Azerbaijan celebrates Fire Tuesday of Novruz Holiday

4 March 2014 09:31 (UTC+04:00)

By Nazrin Gadimova

The Spring is coming, which means the festive Novruz Holiday won't keep us waiting. Novruz, loved by all Azerbaijanis, is celebrated on the day of the vernal equinox and symbolizes a new life.

Novruz celebrations begin a month before the actual holiday. The four Tuesdays named after these elements and called Su Chershenbesi (Water Tuesday), Odlu Chershenbe (Fire Tuesday), Hava Chershenbesi (Wind Tuesday), and Ilakhir Chershenbe or Torpaq Chershenbesi (Earth or Last Tuesday) are being celebrated before the main holiday.

Each Tuesday has its own traditions. This year, the second Tuesday, or Fire Tuesday, falls on March 4. Fire Tuesday honors fire, which means warmth and comfort. Ancient legends associate fire with the Sun and light.

Fire is the symbol of purification and clarification. Fire is never put out by water; it burns down by itself. It is very important to light a bonfire in every yard on Fire Tuesday, because fire means the year will be warm and fertile. In ancient times, a newborn baby was laid on ashes to guarantee his health. It was also believed that those covered their faces with ashes would have a beautiful sweetheart.

On Fire Tuesday people jump over the fire, because it is traditionally believed that all troubles and hardships will be left behind, and the new year will be happy and prosperous. It is believed that immediately after Fire Tuesday the sun gradually begins to warm the earth, and the spring wakes up.

Azerbaijan, famous for its rich cuisine, has special dishes for each Tuesday of Novruz. Pilaf is undoubtedly a signature dish of the Azerbaijani cuisine. There are about 200 kinds of pilaf, but dosheme-pilaf is usually prepared on this day, although some regions prepare milky-pilaf and borany-pilaf.

The main point of making dosheme-pilaf is that it is prepared layer-by-layer. Lamb or chicken can be used for preparing this pilaf, but you have to use gazmag which is usually laid at the bottom of the pot; it is the dough that turns into a crispy crust with an extraordinary taste during the cooking process. To prepare gazmag, you should mix the flour and salt and grind it into crumbs, add butter and sour cream, and knead it into a soft dough. Then roll it out into a circle and place it on the bottom of the pan on which 50 grams of butter has melted.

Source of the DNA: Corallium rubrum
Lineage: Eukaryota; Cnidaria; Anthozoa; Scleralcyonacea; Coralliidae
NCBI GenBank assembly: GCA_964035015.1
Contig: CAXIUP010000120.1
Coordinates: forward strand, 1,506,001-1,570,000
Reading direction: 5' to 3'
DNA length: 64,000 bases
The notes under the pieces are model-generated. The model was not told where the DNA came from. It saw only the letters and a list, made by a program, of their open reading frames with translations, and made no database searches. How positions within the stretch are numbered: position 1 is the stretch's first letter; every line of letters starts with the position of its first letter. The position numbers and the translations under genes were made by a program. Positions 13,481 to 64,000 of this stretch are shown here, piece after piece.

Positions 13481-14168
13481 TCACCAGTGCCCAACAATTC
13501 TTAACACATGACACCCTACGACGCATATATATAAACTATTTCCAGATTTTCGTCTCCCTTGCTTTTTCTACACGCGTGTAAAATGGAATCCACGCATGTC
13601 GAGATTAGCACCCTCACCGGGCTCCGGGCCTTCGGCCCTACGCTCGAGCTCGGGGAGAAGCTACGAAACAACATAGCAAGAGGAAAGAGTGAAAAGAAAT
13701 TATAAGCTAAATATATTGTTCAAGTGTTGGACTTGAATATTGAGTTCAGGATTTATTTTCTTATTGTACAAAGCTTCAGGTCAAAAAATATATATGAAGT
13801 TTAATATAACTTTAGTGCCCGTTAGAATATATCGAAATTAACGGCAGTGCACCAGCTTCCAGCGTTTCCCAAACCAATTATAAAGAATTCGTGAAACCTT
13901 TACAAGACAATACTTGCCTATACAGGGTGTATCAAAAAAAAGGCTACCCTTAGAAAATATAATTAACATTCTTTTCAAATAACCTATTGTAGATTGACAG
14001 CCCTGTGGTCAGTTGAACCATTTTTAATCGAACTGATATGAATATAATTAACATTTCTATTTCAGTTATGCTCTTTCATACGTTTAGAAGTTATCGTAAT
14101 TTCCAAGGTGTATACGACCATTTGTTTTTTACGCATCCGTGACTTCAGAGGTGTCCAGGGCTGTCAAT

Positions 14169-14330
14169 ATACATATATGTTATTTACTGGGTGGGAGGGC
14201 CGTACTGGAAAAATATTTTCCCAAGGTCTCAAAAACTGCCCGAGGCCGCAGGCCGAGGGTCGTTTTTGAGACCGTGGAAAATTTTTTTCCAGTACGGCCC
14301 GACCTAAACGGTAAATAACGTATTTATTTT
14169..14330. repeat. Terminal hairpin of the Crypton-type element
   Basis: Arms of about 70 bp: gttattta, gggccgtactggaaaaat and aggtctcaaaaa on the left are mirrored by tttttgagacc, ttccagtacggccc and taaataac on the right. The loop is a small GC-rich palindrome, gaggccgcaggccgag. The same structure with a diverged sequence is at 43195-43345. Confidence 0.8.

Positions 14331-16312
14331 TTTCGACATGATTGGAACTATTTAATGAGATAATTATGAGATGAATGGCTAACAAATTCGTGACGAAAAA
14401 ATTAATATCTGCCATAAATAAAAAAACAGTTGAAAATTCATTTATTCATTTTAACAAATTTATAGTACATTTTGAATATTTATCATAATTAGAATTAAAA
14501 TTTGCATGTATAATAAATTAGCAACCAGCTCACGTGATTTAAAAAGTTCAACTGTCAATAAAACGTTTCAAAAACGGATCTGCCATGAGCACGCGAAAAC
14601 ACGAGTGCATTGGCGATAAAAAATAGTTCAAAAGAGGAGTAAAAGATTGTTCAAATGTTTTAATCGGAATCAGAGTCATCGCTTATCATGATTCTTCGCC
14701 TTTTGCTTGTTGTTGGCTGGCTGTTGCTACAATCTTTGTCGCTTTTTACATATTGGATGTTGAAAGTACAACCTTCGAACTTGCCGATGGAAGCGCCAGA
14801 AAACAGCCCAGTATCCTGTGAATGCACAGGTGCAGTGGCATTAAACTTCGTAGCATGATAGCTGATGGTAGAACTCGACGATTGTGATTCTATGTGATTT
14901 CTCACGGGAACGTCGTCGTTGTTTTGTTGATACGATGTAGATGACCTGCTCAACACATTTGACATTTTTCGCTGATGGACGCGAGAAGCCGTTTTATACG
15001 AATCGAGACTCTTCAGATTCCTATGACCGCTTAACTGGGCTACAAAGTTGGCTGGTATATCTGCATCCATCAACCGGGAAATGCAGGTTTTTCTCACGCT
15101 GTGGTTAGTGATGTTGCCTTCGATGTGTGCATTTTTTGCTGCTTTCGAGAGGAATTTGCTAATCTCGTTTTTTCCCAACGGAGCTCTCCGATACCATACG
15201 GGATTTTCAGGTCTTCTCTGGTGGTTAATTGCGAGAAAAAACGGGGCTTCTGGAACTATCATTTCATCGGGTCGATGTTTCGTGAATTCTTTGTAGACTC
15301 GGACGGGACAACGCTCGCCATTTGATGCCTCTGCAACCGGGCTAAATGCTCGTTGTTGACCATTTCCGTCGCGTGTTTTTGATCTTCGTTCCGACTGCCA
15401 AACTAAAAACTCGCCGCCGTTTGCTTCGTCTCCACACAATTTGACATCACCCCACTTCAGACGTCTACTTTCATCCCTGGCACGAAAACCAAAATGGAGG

However, in order to facilitate your work, you can put the chicken pieces on the bottom of the pot instead of the gazmag, and then lay out rice and dried fruits.

For 4-6 servings of this pilaf you will need 3 glasses of long grain rice, 4 tablespoons of melted butter, 1 glass of peeled chestnuts, ½ glass of dried apricots, 1 glass of dried plums, ½ glass of dried persimmon, ½ glass of white raisins, 1 kilogram of boneless chicken meat chopped into small pieces, 1 onion, and 1/3 teaspoon of saffron (dissolve pounded saffron in 3 tablespoons of boiling water), salt, and pepper.

Rinse the cleaned rice under warm water, then pour water on it till it covers the rice, add one tablespoon of salt, and set it aside. Melt two tablespoons of butter in a frying pan and fry the peeled chestnuts for three minutes. Then add the apricots, plums, and persimmons, and cook for three minutes. Then add the raisins, fry for one minute, and put the frying pan aside. Pour ten glasses of water and two tablespoons of salt into the special non-stick pan, bring it to boil, then add the rice. Boil for about 7-10 minutes - slightly moist.

Melt one tablespoon of butter in a pan, then add the chicken on the bottom of the pan in one layer, then add salt and pepper. Add onion, cut in a form of rings, and cook uncovered for about five minutes on medium heat. Then add half of the rice and one layer of dried fruits. Add the rest of the rice on top and form it into a cone shape. Pour the rice with 1-2 tablespoons of melted butter. Cover the pan with a lid and cook for about 30 minutes. Then pour the rice with the saffron sauce.

Novruz is a favorite holiday because every year the traditional sweets of the Azerbaijani cuisine such as pakhlava, shakarbura, shorgogal and badambura are cooked and served at the festive table. Also "govurgha" (toasted wheat) is mixed with nuts (mainly walnuts, hazelnuts, almonds and chestnuts) and placed on the table along with other sweets.

Happy Chershenbe!